A Question I Was Asked:

Does God Worry About the Denominations?

Occasionally I hear some preacher saying things like, 'It pains God to see so many Christian denominations and He would like to see full Christian unity.' How about that? Couldn't God cause Denominationalism to end if He so wishes?

UK Apologetics Reply:

Actually I worry when I hear things like that. Why? Well I question the level of understanding. The denominations, I believe, are irrelevant to God. He is fully able to look down and see His own people wherever they may be. God was - and is - fully aware that denominations, though sometimes regrettable, were inevitable. In fact, Paul the Apostle clearly shows that God has allowed us broad parameters of Christian worship and proselytization - not a 'closed shop' approach at all. Indeed, even before we get to Paul we should note what Jesus said about this:

"Master," said John, "we saw someone driving out demons in your name and we tried to stop him, because he is not one of us." "Do not stop him," Jesus said, "for whoever is not against you is for you." (Luke 9:49-50).

In this one comment Jesus showed there would be no exclusivity rights for the Gospel and that God could raise up people at any place and any time to do His work. This, of course, immediately calls into serious question the traditional Catholic understanding ('we are the one true Church'). Later on, Paul backs up this same approach:

Therefore I want you to know that no one who is speaking by the Spirit of God says, "Jesus be cursed," and no one can say, "Jesus is Lord," except by the Holy Spirit.
There are different kinds of gifts, but the same Spirit distributes them. There are different kinds of service, but the same Lord. There are different kinds of working, but in all of them and in everyone it is the same God at work.

Now to each one the manifestation of the Spirit is given for the common good. To one there is given through the Spirit a message of wisdom, to another a message of knowledge by means of the same Spirit, to another faith by the same Spirit, to another gifts of healing by that one Spirit, to another miraculous powers, to another prophecy, to another distinguishing between spirits, to another speaking in different kinds of tongues, and to still another the interpretation of tongues. All these are the work of one and the same Spirit, and he distributes them to each one, just as he determines. Just as a body, though one, has many parts, but all its many parts form one body, so it is with Christ. For we were all baptized by one Spirit so as to form one body - whether Jews or Gentiles, slave or free - and we were all given the one Spirit to drink. Even so the body is not made up of one part but of many.

Now if the foot should say, "Because I am not a hand, I do not belong to the body," it would not for that reason stop being part of the body. And if the ear should say, "Because I am not an eye, I do not belong to the body," it would not for that reason stop being part of the body. If the whole body were an eye, where would the sense of hearing be? If the whole body were an ear, where would the sense of smell be? But in fact God has placed the parts in the body, every one of them, just as he wanted them to be. If they were all one part, where would the body be? As it is, there are many parts, but one body.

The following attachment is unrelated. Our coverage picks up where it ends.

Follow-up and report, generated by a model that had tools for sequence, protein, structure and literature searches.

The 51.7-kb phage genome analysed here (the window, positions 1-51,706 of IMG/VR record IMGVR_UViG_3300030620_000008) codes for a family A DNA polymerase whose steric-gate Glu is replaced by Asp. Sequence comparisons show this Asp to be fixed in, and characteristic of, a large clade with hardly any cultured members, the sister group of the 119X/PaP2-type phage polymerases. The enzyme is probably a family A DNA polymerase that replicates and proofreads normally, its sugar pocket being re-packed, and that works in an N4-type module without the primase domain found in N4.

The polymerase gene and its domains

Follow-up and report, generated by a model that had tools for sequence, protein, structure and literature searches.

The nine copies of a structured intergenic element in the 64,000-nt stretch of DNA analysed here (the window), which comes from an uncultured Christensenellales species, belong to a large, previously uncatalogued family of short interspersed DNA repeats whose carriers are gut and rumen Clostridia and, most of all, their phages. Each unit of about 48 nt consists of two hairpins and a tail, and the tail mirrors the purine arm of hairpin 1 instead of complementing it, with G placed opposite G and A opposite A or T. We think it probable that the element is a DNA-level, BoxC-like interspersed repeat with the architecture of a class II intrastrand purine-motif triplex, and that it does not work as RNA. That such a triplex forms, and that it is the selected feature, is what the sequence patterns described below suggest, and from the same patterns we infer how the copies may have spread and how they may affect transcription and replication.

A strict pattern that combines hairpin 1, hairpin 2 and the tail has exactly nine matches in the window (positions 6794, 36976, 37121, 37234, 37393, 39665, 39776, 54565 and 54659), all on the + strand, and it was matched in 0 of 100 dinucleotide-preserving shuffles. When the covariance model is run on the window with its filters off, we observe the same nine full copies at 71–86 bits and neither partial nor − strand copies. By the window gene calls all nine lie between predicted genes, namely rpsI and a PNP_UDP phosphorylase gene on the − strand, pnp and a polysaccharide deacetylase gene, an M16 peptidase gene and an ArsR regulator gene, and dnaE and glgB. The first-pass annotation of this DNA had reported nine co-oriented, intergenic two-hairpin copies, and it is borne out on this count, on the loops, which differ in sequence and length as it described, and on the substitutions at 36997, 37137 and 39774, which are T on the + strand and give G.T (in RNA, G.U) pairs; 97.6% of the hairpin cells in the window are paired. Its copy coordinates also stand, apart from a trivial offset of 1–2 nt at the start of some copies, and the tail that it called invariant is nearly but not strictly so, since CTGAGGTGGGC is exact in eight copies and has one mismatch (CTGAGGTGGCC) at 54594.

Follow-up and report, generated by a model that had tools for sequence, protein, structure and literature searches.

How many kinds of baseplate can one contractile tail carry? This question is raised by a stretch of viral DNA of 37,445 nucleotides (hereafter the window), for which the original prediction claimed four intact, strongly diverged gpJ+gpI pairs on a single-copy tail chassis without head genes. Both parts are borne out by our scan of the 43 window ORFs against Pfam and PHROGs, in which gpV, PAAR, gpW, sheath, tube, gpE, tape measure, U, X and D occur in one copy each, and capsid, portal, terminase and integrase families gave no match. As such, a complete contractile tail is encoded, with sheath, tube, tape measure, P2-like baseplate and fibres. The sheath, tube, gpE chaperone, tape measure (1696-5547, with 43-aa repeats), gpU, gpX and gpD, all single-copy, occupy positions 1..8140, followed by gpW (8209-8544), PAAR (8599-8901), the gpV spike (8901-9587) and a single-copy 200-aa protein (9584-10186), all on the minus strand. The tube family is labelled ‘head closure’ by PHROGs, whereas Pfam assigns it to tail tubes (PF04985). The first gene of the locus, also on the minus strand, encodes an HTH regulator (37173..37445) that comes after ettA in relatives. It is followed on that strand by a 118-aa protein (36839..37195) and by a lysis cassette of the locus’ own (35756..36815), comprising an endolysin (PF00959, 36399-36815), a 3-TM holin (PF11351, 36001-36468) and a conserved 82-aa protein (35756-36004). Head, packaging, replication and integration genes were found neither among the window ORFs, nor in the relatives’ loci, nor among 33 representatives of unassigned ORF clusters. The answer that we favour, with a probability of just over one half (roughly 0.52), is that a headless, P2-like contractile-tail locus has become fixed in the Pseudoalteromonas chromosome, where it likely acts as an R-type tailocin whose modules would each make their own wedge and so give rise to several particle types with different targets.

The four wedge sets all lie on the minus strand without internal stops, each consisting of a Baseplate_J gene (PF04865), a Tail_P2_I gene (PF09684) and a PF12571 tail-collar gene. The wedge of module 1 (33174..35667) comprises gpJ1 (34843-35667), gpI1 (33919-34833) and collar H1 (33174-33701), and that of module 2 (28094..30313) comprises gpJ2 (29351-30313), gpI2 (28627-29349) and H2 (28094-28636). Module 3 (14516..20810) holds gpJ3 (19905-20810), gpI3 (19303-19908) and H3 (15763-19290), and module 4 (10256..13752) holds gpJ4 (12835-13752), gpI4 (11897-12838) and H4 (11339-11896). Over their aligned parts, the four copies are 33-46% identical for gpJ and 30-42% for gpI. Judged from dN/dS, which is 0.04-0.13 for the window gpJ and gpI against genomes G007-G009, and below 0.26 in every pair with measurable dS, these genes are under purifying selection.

The eye cannot say to the hand, "I don't need you!" And the head cannot say to the feet, "I don't need you!" On the contrary, those parts of the body that seem to be weaker are indispensable, and the parts that we think are less honorable we treat with special honor. And the parts that are unpresentable are treated with special modesty, while our presentable parts need no special treatment. But God has put the body together, giving greater honor to the parts that lacked it, so that there should be no division in the body, but that its parts should have equal concern for each other. If one part suffers, every part suffers with it; if one part is honored, every part rejoices with it.

Now you are the body of Christ, and each one of you is a part of it. And God has placed in the church first of all apostles, second prophets, third teachers, then miracles, then gifts of healing, of helping, of guidance, and of different kinds of tongues. Are all apostles? Are all prophets? Are all teachers? Do all work miracles? Do all have gifts of healing? Do all speak in tongues? Do all interpret? 31 Now eagerly desire the greater gifts. (1 Corinthians 6: 3-31).

So the presence of several - or many - Christian organisations was obviously divinely expected and in no way hinders or impedes the following essential principle:

There is one body and one Spirit, just as you were called to one hope when you were called; one Lord, one faith, one baptism; one God and Father of all, who is over all and through all and in all. (Ephesians 4: 4-6).

All of this shows that where Jesus is being preached we should be happy to assume that the Holy Spirit is at work (until we find strong evidence to the contrary, that is: that a cult or heresy is at work).

So denominations may well be unfortunate - demonstrating a past disagreement - but we should not fret about them too much. Our God is well able to look beyond them. He has allowed for differences of Christian administration at the present time. Now it is true that the age of the denominations has probably now just about past, but there are other administrations and organisations (and you, the reader, are on the website of one right now).

I actually worry when people start talking about 'bringing the denominations together under one umbrella,' because I find a spirit of compromise is always at work. Usually it is a pro-Catholic movement which is more concerned with a compromised human-level "unity" than with true spiritual unity in God's sight and - for that part - we don't need to worry.

Robin A. Brace. March 23rd, 2015.